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Show Review

When Jesse Elliott let us know that he and his mighty band These United States would be rolling through the Austin area for a handful of SXSW shenanigans, well...we knew we better hop to it! We of course have been following the trajectory of this DC/Kentucky based ensemble for the better part of the last three years. The idea of throwing them up on our stage in front of our cameras was just too tempting to pass up. So we made some calls, squeezed some arms, and wouldn't you know? The band delivered, giving the rustic confines of the Scoot's old, slightly dilapidated indoor beer bar a hearty shake to the tune of a batch of rowdy, southern tinged rock and roll songs.


Artist Bio

Sick, tired, torn, and frayed, These United States let no dust settle under their soles this spring as they made the pilgrimage from DC to Lexington, KY just 9 weeks after the release of their debut album, sights set on a rock-and-roll reformation. The result is Crimes, TheseUS's sophomore album, recorded in six short days at Shangri-La Studios, and out to the world September 23.

One part Rolling Thunder Revue, one part banged-and-bruised balladeering, two parts just plain strange, Crimessees the band hitch an American folklore ride down diverging tracks from A Picture of the Three of Us at the Gate to the Garden of Eden's trembling psych-folk tendencies. Bandleader Jesse Elliott's casual croon careens more often towards a yearning yelp - desperate times, you know? - as his merry gang of Obviously Five Believers vamp all piss and vinegar, hoot and holler, multi-instrumental mischief and sly saloon smiles.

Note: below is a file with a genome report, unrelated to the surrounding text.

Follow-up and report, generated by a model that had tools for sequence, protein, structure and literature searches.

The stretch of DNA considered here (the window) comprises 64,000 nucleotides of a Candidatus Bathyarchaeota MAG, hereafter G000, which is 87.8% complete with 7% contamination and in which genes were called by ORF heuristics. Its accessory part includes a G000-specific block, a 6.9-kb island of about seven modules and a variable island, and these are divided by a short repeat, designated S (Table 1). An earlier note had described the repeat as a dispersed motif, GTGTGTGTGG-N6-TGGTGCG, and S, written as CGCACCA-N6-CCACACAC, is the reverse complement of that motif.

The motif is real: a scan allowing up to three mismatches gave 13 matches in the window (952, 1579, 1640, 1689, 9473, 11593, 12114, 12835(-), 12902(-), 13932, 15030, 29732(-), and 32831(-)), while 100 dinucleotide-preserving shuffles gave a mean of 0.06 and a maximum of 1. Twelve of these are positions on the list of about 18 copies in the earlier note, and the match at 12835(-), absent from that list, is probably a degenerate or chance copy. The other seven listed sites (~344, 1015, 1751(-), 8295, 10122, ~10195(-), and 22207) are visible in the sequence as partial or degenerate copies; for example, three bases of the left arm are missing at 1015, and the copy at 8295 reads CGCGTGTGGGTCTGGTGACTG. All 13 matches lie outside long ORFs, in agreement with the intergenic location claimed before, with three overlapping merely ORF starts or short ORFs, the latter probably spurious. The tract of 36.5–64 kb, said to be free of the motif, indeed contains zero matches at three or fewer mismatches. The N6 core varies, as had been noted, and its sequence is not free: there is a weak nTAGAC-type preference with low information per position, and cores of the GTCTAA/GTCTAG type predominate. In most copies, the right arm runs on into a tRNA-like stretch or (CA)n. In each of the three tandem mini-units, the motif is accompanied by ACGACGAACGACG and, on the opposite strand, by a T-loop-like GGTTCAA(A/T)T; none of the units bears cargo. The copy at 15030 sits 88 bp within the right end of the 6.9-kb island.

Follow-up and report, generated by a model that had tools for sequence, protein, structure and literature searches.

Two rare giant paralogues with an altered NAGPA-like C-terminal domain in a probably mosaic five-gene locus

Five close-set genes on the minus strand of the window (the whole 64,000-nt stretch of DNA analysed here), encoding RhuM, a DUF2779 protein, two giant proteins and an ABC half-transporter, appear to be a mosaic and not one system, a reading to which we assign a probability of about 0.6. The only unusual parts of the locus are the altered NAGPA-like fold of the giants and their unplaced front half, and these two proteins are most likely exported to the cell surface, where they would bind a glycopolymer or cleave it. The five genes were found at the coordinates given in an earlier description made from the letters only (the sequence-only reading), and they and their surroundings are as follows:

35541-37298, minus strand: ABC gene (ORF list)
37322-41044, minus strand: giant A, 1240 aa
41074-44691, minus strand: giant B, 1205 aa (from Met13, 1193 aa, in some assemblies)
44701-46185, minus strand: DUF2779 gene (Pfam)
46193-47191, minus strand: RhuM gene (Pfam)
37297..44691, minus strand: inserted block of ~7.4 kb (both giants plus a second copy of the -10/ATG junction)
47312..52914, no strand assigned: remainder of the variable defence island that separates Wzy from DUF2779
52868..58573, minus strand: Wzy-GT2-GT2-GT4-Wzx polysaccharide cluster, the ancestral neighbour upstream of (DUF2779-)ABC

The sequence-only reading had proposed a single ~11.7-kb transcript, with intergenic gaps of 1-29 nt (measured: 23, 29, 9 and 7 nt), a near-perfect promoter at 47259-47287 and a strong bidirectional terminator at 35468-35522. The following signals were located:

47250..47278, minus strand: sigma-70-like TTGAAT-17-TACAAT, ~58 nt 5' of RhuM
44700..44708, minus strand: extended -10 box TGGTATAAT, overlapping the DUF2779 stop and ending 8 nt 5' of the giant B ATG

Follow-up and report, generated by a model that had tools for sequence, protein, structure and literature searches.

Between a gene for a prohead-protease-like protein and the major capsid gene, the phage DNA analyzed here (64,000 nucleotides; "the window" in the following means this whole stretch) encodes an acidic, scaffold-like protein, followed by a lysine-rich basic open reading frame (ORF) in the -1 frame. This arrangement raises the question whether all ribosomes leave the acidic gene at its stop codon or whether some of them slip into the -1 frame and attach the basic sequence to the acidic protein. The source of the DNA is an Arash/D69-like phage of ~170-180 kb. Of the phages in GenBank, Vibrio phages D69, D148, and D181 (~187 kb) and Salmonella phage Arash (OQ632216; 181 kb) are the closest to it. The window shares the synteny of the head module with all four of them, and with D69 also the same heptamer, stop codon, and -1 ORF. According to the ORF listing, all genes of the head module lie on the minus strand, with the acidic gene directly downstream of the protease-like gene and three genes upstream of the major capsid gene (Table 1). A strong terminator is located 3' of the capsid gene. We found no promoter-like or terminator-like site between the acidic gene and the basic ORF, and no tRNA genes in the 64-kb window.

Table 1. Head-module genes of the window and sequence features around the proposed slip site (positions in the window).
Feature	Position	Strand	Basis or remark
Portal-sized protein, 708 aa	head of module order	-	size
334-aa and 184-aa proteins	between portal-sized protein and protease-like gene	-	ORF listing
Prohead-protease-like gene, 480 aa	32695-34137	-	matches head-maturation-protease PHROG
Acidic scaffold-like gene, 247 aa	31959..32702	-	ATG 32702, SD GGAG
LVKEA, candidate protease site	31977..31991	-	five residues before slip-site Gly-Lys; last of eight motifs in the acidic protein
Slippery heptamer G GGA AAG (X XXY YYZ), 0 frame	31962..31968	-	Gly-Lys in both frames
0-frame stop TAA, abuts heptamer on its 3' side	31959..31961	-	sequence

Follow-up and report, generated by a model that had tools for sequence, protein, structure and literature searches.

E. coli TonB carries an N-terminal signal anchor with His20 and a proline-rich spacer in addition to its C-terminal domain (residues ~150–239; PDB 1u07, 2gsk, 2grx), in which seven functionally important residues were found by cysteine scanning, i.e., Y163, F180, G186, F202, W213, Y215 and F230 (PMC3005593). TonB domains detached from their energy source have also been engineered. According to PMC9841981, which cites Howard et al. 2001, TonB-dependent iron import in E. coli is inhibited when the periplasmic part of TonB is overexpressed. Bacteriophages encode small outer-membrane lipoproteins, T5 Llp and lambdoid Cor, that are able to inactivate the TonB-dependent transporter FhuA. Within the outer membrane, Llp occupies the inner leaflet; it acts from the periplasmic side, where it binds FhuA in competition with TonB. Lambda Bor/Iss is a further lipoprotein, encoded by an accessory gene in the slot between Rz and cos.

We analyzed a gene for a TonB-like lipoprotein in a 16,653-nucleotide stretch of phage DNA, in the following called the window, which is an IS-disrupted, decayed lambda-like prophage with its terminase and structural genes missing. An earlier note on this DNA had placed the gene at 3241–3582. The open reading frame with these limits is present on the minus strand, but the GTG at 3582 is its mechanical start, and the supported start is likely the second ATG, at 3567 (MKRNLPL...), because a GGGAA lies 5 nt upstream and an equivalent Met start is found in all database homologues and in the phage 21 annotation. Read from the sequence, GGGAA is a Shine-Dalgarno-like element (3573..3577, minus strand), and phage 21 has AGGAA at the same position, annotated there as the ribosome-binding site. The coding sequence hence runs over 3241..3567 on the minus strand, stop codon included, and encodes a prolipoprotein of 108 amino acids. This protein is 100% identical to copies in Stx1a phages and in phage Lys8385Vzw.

In place of Picture's lovelorn protagonists, Crimes supplants the classic characters of a world gone wicked: bad men in boots and boats, all-too-able Cains, wolves in fresh-shorn sheepskin, sold-out sirens of the seashore, knife-wielding big-talking drunk drinkers, Moriartys, don Quijotes, Samuel Clemenses, and all manner of disillusioned Appleseeds in between - with the occasional dogged optimist thrown in for good measure, of course; even the world itself can't be all bad all the time. As self-effacing as they are scathing, though, Crimes' critiques are ultimately an empathetic eye towards the sins, schemes, devils, and delusions that bind us all. Dreams, in other words.

Hot off pressing the '08 flesh from Paris to Portland and Glastonbury Fest to SXSW, These United States will of course continue their mad march to - well, any sea that will have them - in support of Crimes. - buzznet


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These United States

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